Monday, November 28, 2016

A Rewarding Visit with Influential Writer/Entrepreneur Charles Chu, Including 4 Tips for Bloggers

I discovered the blog of Charles Chu by coming across an article he wrote about mental resilience and the techniques Navy SEALs use to develop it. The article struck me as not only useful, but engaging enough to make me want to explore more about the author. Its home was a blog with the intriguing title Market Meditations.

EN: Where did you grow up and how has your family influenced who you are?

Charles Chu: I was born in the United States to Chinese immigrant parents. My parents were extremely poor and came to the US in search of a better life. It's the classic immigrant story. I grew up with a Chinese cultural environment at home but a very American one everywhere else. There was always a sense of not belonging and not fitting in. That made me ask a lot of questions about human nature, how the world works, etc.

EN: How long have you been writing your Market Meditations blog? What was its original purpose and how has it evolved?

CC: Funny story. The original blog was meant to be about finance, particularly global macro trading. That's why the word "Market" is in the title. That was one of the dozens of failed experiments I've had.

The real blog (as you know it) has only been around for two months. I was answering questions on Quora, and I was surprised to find that over one million people read my answers in a single month! That was the proof I needed that people like the way I think. I take a different approach to challenges (both philosophically and technically), and that reflects in the success the blog is seeing.

EN: Where did your belief that "success can be engineered" originate?

CC: Few people know this, but I come from a mathematical background. I used to do math competitions in grade school. I've also dabbled in poker and equity trading. If you look at successful performers in this field (or any field), they share common philosophies and attributes. And when you study the failures, they tend to lack these same qualities.

Success in investing or gambling is typically attributed to "luck", but the best know that it is engineered. You can create conditions to maximize the probability of profit (or success, in our case). Afterwards, all that is left is to survive long enough for results to start coming in.

EN: Who are some of the great thinkers whose ideas you deconstruct and share?

CC: Anyone who inspires me. The blog hasn't been around that long, but I've looked at statesmen (like Ben Franklin), writers (like Isaac Asimov), marketers (like Seth Godin), and even Hedge Fund managers (like Stanley Druckenmiller).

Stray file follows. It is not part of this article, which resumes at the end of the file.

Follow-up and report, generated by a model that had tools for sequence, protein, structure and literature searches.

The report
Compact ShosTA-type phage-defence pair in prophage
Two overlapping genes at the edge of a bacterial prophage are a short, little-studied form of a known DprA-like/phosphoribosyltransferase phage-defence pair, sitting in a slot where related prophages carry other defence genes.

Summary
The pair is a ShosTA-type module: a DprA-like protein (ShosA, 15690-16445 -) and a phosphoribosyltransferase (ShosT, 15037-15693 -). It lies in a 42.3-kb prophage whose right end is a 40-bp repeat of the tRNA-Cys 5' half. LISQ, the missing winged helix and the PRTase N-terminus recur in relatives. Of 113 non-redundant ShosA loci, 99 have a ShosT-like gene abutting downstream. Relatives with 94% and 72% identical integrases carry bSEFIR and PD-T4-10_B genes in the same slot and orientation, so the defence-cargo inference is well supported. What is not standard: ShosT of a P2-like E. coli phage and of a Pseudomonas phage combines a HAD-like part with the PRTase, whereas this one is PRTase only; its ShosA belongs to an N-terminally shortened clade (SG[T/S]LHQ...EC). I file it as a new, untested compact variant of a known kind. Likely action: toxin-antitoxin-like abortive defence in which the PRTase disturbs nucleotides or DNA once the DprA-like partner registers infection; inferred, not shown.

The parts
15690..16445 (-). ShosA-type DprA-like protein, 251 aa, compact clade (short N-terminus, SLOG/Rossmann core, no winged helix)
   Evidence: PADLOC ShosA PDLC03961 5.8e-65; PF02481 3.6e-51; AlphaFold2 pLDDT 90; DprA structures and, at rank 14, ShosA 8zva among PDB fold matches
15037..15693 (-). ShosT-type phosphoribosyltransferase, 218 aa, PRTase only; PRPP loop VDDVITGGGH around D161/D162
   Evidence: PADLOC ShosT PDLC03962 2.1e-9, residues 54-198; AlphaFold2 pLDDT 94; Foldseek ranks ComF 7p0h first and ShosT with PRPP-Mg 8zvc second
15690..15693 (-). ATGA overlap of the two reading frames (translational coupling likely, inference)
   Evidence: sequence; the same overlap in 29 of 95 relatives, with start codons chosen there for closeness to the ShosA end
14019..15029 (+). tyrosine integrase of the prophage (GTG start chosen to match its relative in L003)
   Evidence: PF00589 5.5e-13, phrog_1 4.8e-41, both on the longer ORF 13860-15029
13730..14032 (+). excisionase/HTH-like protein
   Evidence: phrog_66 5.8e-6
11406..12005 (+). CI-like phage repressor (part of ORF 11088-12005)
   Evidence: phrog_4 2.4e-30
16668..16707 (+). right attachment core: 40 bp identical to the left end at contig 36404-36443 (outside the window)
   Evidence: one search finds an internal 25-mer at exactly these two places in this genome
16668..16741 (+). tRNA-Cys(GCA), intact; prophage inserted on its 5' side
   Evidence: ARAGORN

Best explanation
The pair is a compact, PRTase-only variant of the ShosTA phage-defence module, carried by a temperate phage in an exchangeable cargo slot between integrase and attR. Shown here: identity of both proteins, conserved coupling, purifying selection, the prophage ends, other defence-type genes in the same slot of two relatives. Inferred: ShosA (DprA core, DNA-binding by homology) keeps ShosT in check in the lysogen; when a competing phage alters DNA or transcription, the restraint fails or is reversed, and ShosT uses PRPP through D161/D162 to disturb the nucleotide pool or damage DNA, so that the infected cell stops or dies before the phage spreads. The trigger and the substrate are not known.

EN: What was your method for generating blog traffic?

CC: I can't cover this in detail without several dozen pages, but let me outline the general concepts.

• I borrow traffic. I write 90%+ of my stuff off the blog. Why? Because posting things on a blog shows it to nobody (except for your existing readership). You have to find places where people gather, show your work to them and give them a way to come to your site.

• I don't use SEO. For new bloggers, SEO is like picking pennies in front of a steamroller. You can do hours and hours of research to target keywords that bring 100-200 readers a month. I could spend that time engineering a hit on Reddit, Quora or another social sharing site and bring in 10-20 thousand readers instead.

• I find the right audience for my work. If I write something about minimalism or frugality, I'm not going to promote it to an advertising channel. It's not my right audience. I write about what interests me. This tends to fall into several core categories. The rest is just about finding where those people gather and showing them your work.

• I don't network. One of my posts was recently featured on the NY Observer. The editor emailed ME to ask to republish it. All I have to do is focus on putting my work out in public and making it top 1% in quality. Why spend hours pitching editors and other bloggers with mediocre writing when I can put that time into making amazing writing that other people beg me to share?

EN: Excellent advice. What are your favorite topics to write about?

CC: I scratch my own itch. I have a long laundry list of exciting ideas, but here are some—entrepreneurship, human nature, cognitive science, philosophy, biohacking, movement, productivity, world travel, risk-taking, guerrilla marketing, learning languages... I could go on forever.

My advice to other writers: if you want interest, you need to be interesting. And if you want to be interesting, be interested first. There are millions of other wannabe writers out there. What makes you the best in the world at what you do?

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Want more? Join 5000+ readers of the The Open Circle, a free weekly newsletter where Charles deconstructs great minds and shares actionable insights from his own crazy experiments. Join here.

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A lot of good suggestions here. Don't just read it. Ingest it and make it your own.


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